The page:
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Union trusts and self-funded employer plans are heading toward a long state court jury trial, in San Francisco, over a massive antitrust dispute with Sutter Health — a large, nonprofit, California-based health system.

The UFCW & Employers Trust (UEBT) and about 1,500 other health plans have accused  Sutter Health of using provider network manipulation, lack of price disclosure, and other means to keep its hospital services prices as much as 56% higher than Northern California competitors’ prices, and to contribute to Northern California inpatient care costing about 38% more than inpatient care in the Los Angeles area.

(Related: Hospital Group: ‘Remedies’ for Insurer Deal Market Effects Are Quackery)

San Francisco Superior Court Judge Anne-Christine Massullo issued an order in August that calls for formal jury selection for the trial to start Sept. 23.

The order reveals that the parties in the case — UFCW & Employers Benefit Trust on  behalf of itself and all others similarly situated, v. Sutter Health, et al. — are submitting hundreds of thousands of pages of documents as exhibits, and that giving the parties a chance to review the documents, and to ask that some of the documents be kept confidential, has been be a major project.

Court officials are expecting the trial to be hard on the jurors. The San Francisco jury commissioner subpoenaed citizens to come in for jury selection panels every day from Sept. 3 through Sept. 6. The judge set aside time throughout that week to hear all of the requests from prospective jurors who would be asking to be excluded from the jury due to hardship, according to the minutes from an Aug. 30 pretrial hearing.

“The court indicates we may need to add hardship additional jury panels in order to obtain enough jurors for selection,” according to the pretrial hearing minutes.

The Plaintiffs

The lead plaintiff in the case, UEBT, helps buy and manage health benefits and other benefits for members of the United Food and Commercial Workers International Union in California.

In 2014, when UEBT filed one of the suits that started the current litigation, UEBT was running self-funded health plans that were providing health coverage for about 60,000 employees, retirees and dependents.

UEBT is representing a class that includes all self-funded health plans that operate under California law and that have used Sutter Health prices that were set by contracts between Sutter Health and Aetna, Anthem, Blue Shield of California, Cigna Corp. or UnitedHealth between 2013 and the present.

California Attorney General Xavier Becerra filed a suit of his own in 2018, and his suit is being considered together with the UEBT case.

The Defendant

Sutter Health is a Sacramento, California-based organization that was founded in 1921. The organization is descended from Sutter Hospital, which was set up in the aftermath of the deadly 1918 Spanish Flu pandemic.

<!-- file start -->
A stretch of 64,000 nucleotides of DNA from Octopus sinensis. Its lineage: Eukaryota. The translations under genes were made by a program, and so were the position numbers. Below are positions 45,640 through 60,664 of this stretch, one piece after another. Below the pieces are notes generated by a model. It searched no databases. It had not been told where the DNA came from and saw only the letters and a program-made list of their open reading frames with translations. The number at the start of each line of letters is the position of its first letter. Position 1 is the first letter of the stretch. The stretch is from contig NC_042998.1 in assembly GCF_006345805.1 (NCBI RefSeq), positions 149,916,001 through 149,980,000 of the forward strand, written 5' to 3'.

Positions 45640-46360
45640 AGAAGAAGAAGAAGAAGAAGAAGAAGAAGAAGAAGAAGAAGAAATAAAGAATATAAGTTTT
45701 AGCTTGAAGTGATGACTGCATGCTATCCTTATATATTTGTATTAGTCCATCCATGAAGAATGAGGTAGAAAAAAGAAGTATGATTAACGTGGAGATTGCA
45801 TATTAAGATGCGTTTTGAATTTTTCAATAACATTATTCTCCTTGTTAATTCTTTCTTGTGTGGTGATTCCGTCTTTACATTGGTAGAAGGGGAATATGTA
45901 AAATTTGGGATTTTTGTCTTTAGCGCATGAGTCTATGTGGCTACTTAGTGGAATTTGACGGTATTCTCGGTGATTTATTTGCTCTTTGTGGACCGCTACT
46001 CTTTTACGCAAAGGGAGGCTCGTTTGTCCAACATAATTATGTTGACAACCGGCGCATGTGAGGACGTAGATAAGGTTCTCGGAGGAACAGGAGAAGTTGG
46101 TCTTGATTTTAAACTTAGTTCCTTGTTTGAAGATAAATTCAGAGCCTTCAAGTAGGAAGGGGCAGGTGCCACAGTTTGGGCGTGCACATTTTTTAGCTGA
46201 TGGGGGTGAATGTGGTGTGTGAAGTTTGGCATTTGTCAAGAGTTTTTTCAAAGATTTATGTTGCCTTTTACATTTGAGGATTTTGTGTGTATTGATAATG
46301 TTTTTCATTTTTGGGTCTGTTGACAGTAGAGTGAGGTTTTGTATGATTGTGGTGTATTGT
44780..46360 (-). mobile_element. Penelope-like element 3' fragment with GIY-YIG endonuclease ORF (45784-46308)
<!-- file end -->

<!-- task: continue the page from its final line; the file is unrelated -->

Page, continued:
The health care system as a whole provides care for about 32,000 people every week. It has 24 hospitals, five trauma centers, eight neonatal intensive care units, and 53,000 employees.

Sutter Health reported a $120 million loss in 2018 on $13 billion in operating revenue. The loss was due to a $454 million decrease in the carrying value of investments. The organization reported a $201 million gain on operations.

Sutter Health hospitals helped care for people affected by the Northern California fires last year, and its hospitals would have to help care for people affected in Northern California if Northern California was rocked by a major earthquake.

The Plaintiffs’ Allegations

The plaintiffs say Sutter Health has gained an unfair advantage in provider network negotiations by using mergers and acquisitions to become the most dominant health care system in Northern California.

In some hospital markets, the plaintiffs say, Sutter Health is so dominant that the only way to create a viable health plan provider network is to contract with a Sutter Health hospital, the plaintiffs say.

The plaintiffs also say that Sutter Health:

  • Requires a provider network manager to put all Sutter Health facilities in its network, or none.
  • Forbids provider provider network managers that use its hospitals from giving the enrollees financial incentives to use other, cheaper hospitals.
  • Prohibits provider network managers from disclosing Sutter Health care prices to other parties.

Because the UEBT case is a California state case, the plaintiffs are basing their case on California’s Cartwright Act, rather than on federal antitrust rules.

Sutter Health’s Position

Sutter Health, contends in fact sheets and other response documents posted on its website, that the plaintiffs are misrepresenting Sutter Health’s size and negotiating power.

Sutter Health says that:

  • Kaiser Permanente serves a majority of the patients in Northern California, and there are a total of 17 unique hospital networks in Northern California.
  • A group of just four insurers and managed care organizations controls about 90% of the California health insurance market.
  • The California Office of Statewide Health Planning and Development has found that the total charges for an inpatient stay in a Sutter Health hospital are about 19% lower than what other Northern California hospitals are charging.
  • Sutter Health rate increases for insured patients have averaged less than 3% per year since 2014.

Sutter Health contends that the plaintiffs’ real goal is to reduce reimbursement amounts by creating narrower provider networks, and that those narrower networks will limit patients’ choices and reduce patients’ access to quality health care.

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